Die Textwiedergabe erfolgt nach dem ersten Druck (Editionsrichtlinien).

The Fortnightly Review   online

The Fortnightly Review   inhaltsanalytische Bibliographie
The Wellesley Index to Victorian Periodicals, 1824-1900.
Hrsg. von Walter E. Houghton. Bd. 2. Toronto 1972.





Aufgenommen in






Beckson, Karl u.a.: Arthur Symons.
A Bibliography.
Greensboro, NC: ELT Press 1990.

Symons, Arthur: Days and Nights.
London: Macmillan and Co. and New York 1889.

Symons, Arthur: Silhouettes.
London: Matthews & Lane 1892.
S. 13: Pastel.

Symons, Arthur: Paul Verlaine.
In: The National Review.
Bd. 19, 1892, Nr. 112, Juni, S. 501-515.

Symons, Arthur: Mr. Henley's Poetry.
In: The Fortnightly Review.
1892, August, S. 182-192. [PDF]

Symons, Arthur: The Decadent Movement in Literature.
In: Harper's New Monthly Magazine.
Bd. 87, 1893, Nr. 522, November, S. 858-867.

Symons, Arthur: Paul Verlaine.
In: The New Review.
1893, Dezember, S. 609-617. [PDF]

Symons, Arthur: London Nights.
London: Smithers 1895.

Symons, Arthur: Silhouettes.
Second edition. Revised and enlarged.
London: Smithers; New York: Richmond 1896.

Symons, Arthur: Studies in Two Literatures.
London: Smithers 1897.

Symons, Arthur: Mallarmé's "Divagations".
In: The Saturday Review of Politics, Literature, Science, and Art.
Bd. 83, 1897, 30. Januar, S. 109-110.

Symons, Arthur: Le mysticisme de Maeterlinck.
In: La Revue des Revues.
Bd. 22, 1897, 15. September, S. 531-536.

Symons, Arthur: Stéphane Mallarmé
In: The Fortnightly Review.
1898, 1. November, S. 677-685. [PDF]

Symons, Arthur: The Symbolist Movement in Literature.
London: Heinemann 1899.

Symons, Arthur: Jules Laforgue.
In: Ders., The Symbolist Movement in Literature.
London: Heinemann 1899, S. 105-114.

Symons, Arthur: A Book of French Verse.
In: Literature. An International Gazette of Criticism.
1899, 10. November, S. 413-414.

Symons, Arthur: Ernest Dowson.
In: The Fortnightly Review.
1900, Juni, S. 947-957.

Symons, Arthur: What is Poetry?.
In: The Saturday Review.
Bd. 92, 31. August 1901, S. 271-272.

Symons, Arthur: Poems.
Bd. 1. New York: John Lane 1902.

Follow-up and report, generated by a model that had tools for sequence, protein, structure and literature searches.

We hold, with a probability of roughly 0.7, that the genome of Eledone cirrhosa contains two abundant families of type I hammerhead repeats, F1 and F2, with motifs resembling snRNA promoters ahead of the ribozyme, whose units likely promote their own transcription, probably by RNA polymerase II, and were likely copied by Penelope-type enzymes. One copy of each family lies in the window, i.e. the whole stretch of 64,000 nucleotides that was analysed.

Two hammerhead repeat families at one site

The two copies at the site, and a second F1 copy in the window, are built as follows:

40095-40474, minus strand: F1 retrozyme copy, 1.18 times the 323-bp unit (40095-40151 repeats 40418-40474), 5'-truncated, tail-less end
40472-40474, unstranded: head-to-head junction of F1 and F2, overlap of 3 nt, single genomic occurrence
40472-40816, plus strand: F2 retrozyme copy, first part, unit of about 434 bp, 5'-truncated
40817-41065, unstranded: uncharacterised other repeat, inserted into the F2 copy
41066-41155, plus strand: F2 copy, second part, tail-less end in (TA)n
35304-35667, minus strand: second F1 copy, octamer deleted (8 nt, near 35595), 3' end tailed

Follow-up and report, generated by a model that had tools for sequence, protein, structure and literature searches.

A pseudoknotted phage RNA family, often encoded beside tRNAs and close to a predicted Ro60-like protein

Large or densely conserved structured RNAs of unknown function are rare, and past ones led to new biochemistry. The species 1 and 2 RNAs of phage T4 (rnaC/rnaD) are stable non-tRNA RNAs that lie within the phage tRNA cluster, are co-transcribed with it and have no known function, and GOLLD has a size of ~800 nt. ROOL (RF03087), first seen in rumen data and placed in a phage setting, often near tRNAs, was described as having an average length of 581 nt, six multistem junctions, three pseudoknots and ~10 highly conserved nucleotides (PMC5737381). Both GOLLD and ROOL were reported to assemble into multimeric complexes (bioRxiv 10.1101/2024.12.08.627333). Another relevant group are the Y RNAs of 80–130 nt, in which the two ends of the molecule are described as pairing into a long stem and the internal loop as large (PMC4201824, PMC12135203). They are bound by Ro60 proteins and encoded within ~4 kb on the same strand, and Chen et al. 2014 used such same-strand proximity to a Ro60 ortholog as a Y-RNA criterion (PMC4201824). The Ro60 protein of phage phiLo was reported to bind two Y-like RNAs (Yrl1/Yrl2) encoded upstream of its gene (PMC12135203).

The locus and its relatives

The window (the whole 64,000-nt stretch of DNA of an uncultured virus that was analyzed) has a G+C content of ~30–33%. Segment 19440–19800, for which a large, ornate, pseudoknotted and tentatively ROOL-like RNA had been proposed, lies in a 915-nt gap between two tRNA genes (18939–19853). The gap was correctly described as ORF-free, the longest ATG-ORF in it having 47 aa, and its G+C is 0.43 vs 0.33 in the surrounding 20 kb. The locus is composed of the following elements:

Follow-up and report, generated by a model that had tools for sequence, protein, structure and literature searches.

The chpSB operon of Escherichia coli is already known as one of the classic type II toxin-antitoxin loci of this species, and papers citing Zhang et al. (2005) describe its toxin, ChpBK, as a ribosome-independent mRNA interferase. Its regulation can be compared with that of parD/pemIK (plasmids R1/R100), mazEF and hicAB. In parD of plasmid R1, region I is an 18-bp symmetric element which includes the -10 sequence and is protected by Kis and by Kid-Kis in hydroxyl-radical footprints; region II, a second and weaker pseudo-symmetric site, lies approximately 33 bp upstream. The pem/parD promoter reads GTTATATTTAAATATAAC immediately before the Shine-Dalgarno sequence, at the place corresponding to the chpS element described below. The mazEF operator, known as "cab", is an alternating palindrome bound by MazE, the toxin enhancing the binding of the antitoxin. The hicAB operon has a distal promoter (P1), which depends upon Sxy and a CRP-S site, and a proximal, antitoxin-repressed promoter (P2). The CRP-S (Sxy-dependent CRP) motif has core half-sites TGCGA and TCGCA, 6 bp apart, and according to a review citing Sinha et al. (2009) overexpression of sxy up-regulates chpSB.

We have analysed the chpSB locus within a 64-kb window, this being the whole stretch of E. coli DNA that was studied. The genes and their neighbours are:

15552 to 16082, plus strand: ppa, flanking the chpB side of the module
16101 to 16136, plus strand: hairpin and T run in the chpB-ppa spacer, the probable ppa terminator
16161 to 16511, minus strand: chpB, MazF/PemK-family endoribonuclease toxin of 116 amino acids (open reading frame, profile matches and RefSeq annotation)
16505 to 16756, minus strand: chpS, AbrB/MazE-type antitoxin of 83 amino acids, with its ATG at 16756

Symons, Arthur: Poems.
Bd. 2. New York: John Lane 1902.
URL:   [London 1902]

Symons, Arthur: Lyrics.
Portland, Me.: Mosher 1903.

Symons, Arthur: Studies in Prose and Verse.
London: Dent; New York: Dutton o.J. [1904].

Symons, Arthur (Hrsg.): The Poems of Ernest Dowson.
With a Memoir by Arthur Symons, Four Illustrations by Aubrey Beardsley and a Portrait by William Rothenstein.
London u. New York: Lane 1905.

Symons, Arthur: Qu'est-ce que la Poésie?
In: Vers et prose.
Bd. 3, 1905, September-November, S. 29-33.

Symons, Arthur: Studies in Seven Arts.
London: Constable 1906.
URL:   [New York 1906]

Symons, Arthur: Aspects of Verlaine.
In: The Smart Set. A Magazine of Cleverness.
Bd. 18, 1906, Nr. 1, Januar, S. 79-83.

Symons, Arthur: London. A Book of Aspects.
London: Privately printed 1909.

Symons, Arthur: Plays, Acting and Music. A Book of Theory.
London: Dutton & Company 1909.

Symons, Arthur: Art. Goncourt, DE.
In: The Encyclopædia Britannica. Eleventh Edition.
Volume XII. Cambridge, England; New York 1911, S. 231.

Symons, Arthur: Art. Mallarmé, Stéphane.
In: The Encyclopædia Britannica. Eleventh Edition.
Volume XVII. Cambridge, England; New York 1911, S. 490.

Symons, Arthur: Art. Verlaine, Paul.
In: The Encyclopædia Britannica. Eleventh Edition.
Volume XXVII. Cambridge, England; New York 1911, S. 1023-1024.

Symons, Arthur: Figures of Several Centuries.
London: Constable and Company 1916.
URL:   [New York o.J. (1916)]

Symons, Arthur: Colour Studies in Paris.
New York: Dutton & Company 1918.

Symons, Arthur: Claude Debussy.
In: The Egoist.
Bd. 5, 1918: Nr. 6, Juni-Juli, S. 82-83; Nr. 7, August, S. 93-94.

Symons, Arthur: The Symbolist Movement in Literature.